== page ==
A group of high school students have found a pulsar with a strange orbit around the neutron star.
The newly discovered pulsar, codenamed as PSRJ1930-1852, has an orbital region of 52 million kilometers. The area is equal to the distance between Mercury and Sun.
Joe Swiggum, a physics and astronomy graduate student at West Virgina University, explained pulsar. He said that pulsar is the remnants of massive stars that have exploded from supernovas. They are considered as types of neutron stars. They emit magnetic energy way greater than the ordinary neutron stars. Generally, they are recognized through their radio pulses.
The findings are printed in the Astrophysical Journal shows that the newly discovered pulsar is without any visible companion.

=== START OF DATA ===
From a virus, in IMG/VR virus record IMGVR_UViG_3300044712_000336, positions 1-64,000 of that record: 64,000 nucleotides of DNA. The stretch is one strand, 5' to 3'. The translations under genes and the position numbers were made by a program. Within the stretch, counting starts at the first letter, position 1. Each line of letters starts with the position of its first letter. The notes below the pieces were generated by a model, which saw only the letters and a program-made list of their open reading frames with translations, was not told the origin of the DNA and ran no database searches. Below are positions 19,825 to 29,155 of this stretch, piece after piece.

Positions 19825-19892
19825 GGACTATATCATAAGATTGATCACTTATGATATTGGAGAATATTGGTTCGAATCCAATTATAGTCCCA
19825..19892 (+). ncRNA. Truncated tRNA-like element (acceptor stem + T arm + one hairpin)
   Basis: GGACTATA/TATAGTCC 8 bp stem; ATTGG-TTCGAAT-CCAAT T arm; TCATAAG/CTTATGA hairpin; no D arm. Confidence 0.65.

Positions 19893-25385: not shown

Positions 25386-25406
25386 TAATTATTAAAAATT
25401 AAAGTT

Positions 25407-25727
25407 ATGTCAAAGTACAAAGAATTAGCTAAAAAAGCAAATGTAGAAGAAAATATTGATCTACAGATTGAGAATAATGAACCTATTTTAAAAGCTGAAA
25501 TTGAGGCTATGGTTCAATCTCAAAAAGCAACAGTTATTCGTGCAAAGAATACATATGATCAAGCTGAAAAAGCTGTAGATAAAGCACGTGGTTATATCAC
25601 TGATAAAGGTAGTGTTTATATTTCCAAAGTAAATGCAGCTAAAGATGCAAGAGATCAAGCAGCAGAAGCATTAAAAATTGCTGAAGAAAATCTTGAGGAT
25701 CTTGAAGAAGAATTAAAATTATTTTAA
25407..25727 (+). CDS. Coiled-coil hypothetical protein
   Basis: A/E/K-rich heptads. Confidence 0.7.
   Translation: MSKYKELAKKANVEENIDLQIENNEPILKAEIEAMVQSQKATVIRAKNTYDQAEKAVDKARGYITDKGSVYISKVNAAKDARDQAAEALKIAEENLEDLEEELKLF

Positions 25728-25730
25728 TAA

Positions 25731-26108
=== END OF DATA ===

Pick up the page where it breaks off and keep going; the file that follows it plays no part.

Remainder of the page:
Scientists believe that the pulsar will provide significant detail regarding binary neutron star system. Presently, there are ten percent known pulsars present in the binary system. Most of them usually orbit companion white dwarf stars.
The students were the members of the NSF-funded educational outreach program. The program is a combine project of West Virginia University and National Radio Astronomy. It allows high school students to use the data of Green Bank Telescope. Hence, the group worked with the astronomers of Green Bank for this purpose.